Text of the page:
So Fairfax is moving back into broadcast media, areas rejected under the regime of Fred Hilmer, who is now seen as one of the most risk averse managers of a modern Australian company for years.

Hilmer refused to do deals in radio, TV (with the Ten Network) and the internet (Seek, controlling The one telling deal was buying half the New Zealand newspaper market, which should have convinced him of the worth of making deals in key areas of the media.

Now his replacement, David Kirk, has shown what can be done: the Albury Border Mail has been bought for $150 million; then came the acquisition of the Wagga Daily Advertiser; Rural Press has been acquired for around $2.8 billion; the company’s online presence has been expanded both in terms of news ( and companies (control of Mooter Media); and now the radio and TV production assets of Southern Cross Broadcasting.

At least Fairfax now has a board that can do deals rather than just crunch the models, employ more consultants and refuse to do anything, as the company did under Hilmer.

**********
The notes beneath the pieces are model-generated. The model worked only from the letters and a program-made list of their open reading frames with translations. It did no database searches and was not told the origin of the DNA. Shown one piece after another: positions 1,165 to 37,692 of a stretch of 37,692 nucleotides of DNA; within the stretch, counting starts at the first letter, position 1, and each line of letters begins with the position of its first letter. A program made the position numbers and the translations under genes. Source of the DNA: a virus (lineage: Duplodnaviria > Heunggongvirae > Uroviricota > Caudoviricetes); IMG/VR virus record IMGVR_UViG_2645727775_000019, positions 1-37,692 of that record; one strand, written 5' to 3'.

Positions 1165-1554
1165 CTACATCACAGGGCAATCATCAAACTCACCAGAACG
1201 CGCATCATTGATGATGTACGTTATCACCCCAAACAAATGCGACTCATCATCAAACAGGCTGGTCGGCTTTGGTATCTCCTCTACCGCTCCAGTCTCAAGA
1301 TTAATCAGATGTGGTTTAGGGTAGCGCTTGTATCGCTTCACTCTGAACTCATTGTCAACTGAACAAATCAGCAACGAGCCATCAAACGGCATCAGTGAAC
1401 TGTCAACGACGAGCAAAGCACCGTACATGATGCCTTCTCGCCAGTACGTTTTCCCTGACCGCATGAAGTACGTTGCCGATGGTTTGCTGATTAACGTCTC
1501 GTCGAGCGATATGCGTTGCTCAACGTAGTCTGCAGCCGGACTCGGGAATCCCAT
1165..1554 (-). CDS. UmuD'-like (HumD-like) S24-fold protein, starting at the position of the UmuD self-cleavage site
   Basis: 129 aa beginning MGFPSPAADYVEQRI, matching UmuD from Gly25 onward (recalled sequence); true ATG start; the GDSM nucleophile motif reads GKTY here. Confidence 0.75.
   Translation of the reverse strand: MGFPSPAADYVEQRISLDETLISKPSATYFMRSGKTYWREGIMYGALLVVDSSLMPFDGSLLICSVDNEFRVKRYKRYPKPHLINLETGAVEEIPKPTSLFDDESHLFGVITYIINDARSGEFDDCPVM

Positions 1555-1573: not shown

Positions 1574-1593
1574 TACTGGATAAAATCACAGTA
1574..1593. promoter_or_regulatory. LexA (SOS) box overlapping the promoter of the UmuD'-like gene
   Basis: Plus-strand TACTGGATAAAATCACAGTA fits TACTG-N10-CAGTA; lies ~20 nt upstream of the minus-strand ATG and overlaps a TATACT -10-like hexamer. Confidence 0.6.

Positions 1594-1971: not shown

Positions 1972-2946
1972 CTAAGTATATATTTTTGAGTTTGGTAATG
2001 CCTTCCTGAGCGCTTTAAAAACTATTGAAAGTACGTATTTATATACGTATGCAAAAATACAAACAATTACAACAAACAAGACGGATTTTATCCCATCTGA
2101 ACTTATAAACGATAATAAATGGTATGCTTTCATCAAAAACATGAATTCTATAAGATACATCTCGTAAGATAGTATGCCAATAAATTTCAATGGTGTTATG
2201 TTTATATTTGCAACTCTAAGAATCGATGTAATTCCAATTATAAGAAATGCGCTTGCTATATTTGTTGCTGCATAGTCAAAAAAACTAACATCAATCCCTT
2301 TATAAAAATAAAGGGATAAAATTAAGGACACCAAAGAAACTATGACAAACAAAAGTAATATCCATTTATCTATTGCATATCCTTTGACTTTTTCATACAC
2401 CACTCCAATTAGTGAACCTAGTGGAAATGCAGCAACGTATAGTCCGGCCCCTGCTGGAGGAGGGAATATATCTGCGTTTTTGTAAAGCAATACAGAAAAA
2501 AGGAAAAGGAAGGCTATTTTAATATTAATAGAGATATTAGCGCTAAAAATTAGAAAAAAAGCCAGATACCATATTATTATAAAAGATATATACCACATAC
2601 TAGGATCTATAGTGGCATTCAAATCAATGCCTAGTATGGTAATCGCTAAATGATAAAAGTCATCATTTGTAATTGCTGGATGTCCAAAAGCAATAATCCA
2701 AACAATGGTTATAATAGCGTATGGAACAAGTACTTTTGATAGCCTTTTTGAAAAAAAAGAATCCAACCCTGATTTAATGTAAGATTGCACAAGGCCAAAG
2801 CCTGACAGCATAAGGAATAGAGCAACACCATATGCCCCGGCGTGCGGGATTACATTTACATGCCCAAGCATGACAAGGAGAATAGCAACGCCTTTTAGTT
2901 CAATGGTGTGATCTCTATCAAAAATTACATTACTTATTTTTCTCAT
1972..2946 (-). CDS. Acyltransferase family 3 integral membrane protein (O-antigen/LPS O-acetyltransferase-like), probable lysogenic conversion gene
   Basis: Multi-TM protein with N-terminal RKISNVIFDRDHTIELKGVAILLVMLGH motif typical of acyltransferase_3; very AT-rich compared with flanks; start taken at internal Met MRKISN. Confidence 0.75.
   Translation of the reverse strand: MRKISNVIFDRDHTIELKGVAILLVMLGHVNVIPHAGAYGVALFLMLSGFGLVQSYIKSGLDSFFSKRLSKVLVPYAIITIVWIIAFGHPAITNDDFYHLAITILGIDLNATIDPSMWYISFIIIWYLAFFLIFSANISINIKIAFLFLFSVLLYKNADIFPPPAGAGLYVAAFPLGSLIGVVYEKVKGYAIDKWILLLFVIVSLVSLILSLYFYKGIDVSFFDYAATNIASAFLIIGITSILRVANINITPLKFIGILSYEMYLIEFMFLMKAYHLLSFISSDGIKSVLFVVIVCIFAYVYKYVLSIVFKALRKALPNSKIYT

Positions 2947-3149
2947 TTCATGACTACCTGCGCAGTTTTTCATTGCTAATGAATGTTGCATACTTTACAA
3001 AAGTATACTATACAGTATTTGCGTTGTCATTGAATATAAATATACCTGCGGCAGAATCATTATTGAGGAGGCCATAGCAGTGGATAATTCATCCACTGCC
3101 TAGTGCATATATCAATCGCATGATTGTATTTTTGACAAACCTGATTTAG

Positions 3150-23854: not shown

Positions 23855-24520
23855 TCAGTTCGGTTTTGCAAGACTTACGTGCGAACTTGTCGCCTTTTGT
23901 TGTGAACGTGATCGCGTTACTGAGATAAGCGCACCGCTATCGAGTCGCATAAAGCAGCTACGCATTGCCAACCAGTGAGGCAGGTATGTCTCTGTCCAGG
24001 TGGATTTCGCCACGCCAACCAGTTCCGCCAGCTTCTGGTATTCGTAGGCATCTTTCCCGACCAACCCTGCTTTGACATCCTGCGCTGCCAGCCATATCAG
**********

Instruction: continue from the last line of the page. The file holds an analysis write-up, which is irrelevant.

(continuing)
But the question now is whether Fairfax can manage these non-newspaper assets. It couldn’t when it controlled the Macquarie Radio network back in the 1970s and 1980s. Just as it couldn’t understand Channel Seven in Sydney or Nine in Brisbane, which it owned before blundering Warwick’s privatisation crippled the company.

Fairfax can’t control Fairfax Business Media, which publishes the Australian Financial Review, BRW and other magazines. Its moves into the online world have failed ( is the latest digital dog from FBM).

So how will it be able to control and drive a very different business model like talk radio, which Fairfax’s broadsheets and other papers have criticised (John Laws at 2UE, Neil Mitchell at 3AW)?

In fact, we will now have the situation in Sydney where the usual sniping at Alan Jones, Ray Hadley and others on 2GB, or the odd snipe at the broadcasters on ABC radio’s 702, will be viewed against the Fairfax ownership of 2UE.

Fairfax will become a more conflicted media company that either News Ltd, PBL Media, Seven or Ten.

Fairfax will be able to use 2UE and 3AW to promote the SMH and The Age and their Sunday and community papers in both cities. In Brisbane the news website and 4BC will be able to combine to gang up on the News Ltd monopoly in the Courier Mail, while in Perth, the planned and 6PR should be able to combine to attack the position of the monopoly paper, the West Australian, which is effectively controlled by Kerry Stokes’ Seven Group with just over 15% of WAN’s shares.

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Peter Fray
Peter Fray
Editor-in-chief of Crikey
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